How to stop the spread: are you a carrier?

This leaflet explains how Phytophthora Dieback is spread and the simple actions required to halt the spread.

Good hygiene practices are essential: start out clean and stay clean. This is much easier if you stick to paths or roads and avoid wet areas.

An easy and effective method to clean your shoes, bike tyres and any gear that touches the ground is to use a spray bottle with 70% methylated spirits.

  • In a 1 litre spray bottle, these are widely available; carefully pour 700 ml of methylated spirits. 
  • Using a funnel makes it a much safer job. Then fill to top with water, replace spray nozzle and shake the bottle gently to mix. 
  • Use a scrubbing brush or stick to get dirt and mud out of the treads of your boots or wheels,
    then spray with the 70% methylated spirits.

Others have also developed great informational material too. For example, the Sydney Harbour Foundation Trust in NSW, or in other states, such as WA Dieback Working Group: Managing Phytophthora Dieback in Bushland.

If you’re part of a walking/adventuring group, it would be great if hygiene for plant & animal health was discussed before each field activity along with the obligatory reminders for human health on sun care, water intake etc. 

There are a number of sites with great material developed by other states in Australia, such as the Western Australian Project Dieback site, which also includes hygiene information. There is also a detailed guide from WA, in Managing Phytophthora Dieback in Bushland A Guide for Landholders and Community Conservation Groups EDITION 4, 2008 Western Australia (PDF file 2.8 MB).

The National Parks Association journal Jan-Mar 11 (Vol. 55.1) has an article on page 20, which was written in response to our education program and using material for the leaflets and our website. Please feel free to use any of the material from our brochures for any of your clubs publications or websites.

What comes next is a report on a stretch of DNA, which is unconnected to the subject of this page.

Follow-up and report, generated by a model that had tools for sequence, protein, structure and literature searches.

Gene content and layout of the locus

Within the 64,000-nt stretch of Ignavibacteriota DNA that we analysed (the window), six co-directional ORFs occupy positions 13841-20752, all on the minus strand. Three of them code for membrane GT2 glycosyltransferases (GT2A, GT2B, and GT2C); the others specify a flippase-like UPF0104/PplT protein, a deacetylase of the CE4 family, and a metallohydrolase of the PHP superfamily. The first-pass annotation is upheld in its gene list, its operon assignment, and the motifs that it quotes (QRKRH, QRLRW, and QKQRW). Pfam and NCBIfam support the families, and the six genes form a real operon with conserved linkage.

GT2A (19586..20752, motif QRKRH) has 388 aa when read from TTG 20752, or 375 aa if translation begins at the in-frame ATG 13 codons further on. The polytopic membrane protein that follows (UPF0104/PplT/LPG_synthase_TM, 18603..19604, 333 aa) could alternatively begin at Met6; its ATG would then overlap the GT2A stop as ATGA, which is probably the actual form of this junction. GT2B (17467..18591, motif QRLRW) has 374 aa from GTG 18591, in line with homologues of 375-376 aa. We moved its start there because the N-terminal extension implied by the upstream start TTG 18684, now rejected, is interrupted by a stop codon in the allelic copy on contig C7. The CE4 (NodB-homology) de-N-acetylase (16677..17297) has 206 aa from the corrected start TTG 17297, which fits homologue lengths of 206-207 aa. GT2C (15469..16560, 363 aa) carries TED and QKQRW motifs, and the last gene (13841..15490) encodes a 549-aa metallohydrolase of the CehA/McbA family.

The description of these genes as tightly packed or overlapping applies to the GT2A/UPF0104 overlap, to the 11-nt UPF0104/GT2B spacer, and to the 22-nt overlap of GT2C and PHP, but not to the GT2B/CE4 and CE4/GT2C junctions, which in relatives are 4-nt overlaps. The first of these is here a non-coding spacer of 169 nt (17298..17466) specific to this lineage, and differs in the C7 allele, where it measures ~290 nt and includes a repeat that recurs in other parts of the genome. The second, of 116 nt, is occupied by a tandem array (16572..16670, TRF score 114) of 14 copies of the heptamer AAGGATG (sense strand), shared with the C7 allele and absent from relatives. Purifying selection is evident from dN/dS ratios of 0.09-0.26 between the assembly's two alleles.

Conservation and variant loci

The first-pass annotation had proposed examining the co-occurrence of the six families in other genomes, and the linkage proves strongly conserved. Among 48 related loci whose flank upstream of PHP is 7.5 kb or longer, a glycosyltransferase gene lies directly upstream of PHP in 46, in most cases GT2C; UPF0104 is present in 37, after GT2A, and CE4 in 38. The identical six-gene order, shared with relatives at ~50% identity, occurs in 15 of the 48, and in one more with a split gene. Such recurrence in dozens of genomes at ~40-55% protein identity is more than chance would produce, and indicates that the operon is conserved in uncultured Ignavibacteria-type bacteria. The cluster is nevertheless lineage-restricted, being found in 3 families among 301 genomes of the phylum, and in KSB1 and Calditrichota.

The survey work done by the Royal Botanic Garden, Sydney for the Hawkesbury-Nepean and Sydney Metropolitan Catchment Management Authorities areas resulted in maps of presence being developed for those areas. The problem of course is that we can not tell you about areas we haven't surveyed, so the maps only give you part of the picture.  Zoe-Joy Newby is currently conducting a survey in the Greater Blue Mountains World Heritage Area which will result in a map and risk model for this area also being developed.

The best ways to stop the spread are

  • ensuring good hygiene
  • starting out clean and staying clean
  • sticking to tracks
  • avoiding muddy areas
  • definitely not going from known infested areas to unknown or sensitive, threatened or rare sp or community habitats.

Using Methylated Spirits (95% ethanol), mixed roughly 7 parts to 3 parts water is a good disinfectant for anything that will come in contact with the ground. Spray bottles are widely available and an easy way to apply the disinfectant. 

A good strong brush is great to get out soil that is deeply imbedded soil into boot treads and bike tyres. Once cleaned of mud & soil then spray with 70% alcohol.

Not only your shoes! Soil sticks on anything that touches the ground.

  • backpacks
  • walking sticks
  • tent pegs and of course
  • off-road bikes and car tyres
  • even clothing while you’re sitting!

So dust yourself off and discard any mud or soil as you go!

foot-cleaning

Phytophthora_flyer

 

7. References, links & furthur information for management

  • Commonwealth: National Threat Abatement Plan (TAP) 2001
  • Commonwealth: Draft of new National Threat Abatement Plan (TAP) 2007
  • Commonwealth: Background Document for the Threat Abatement Plan disease in natural ecosystems caused by Phytophthora cinnamomi 2007
  • Commonwealth: Management of Phytophthora cinnamomi for Biodiversity Conservation in Australia 2006
  • Commonwealth: Phytophthora root rot Invasive species fact sheet 2004
  • Commonwealth: Phytophthora cinnamomi disease - links to some publications, including Key Threatening Process
  • Australasian Plant Conservation, (2005) Special Issue on Pathogens and Plant Conservation: Volume 13 Number 4. Most of the articles in this volume are on Phytophthora in Australia.
  • International Union of Forest Research Organisations, Unit 7.02.09 - Phytophthora in forests and natural ecosystems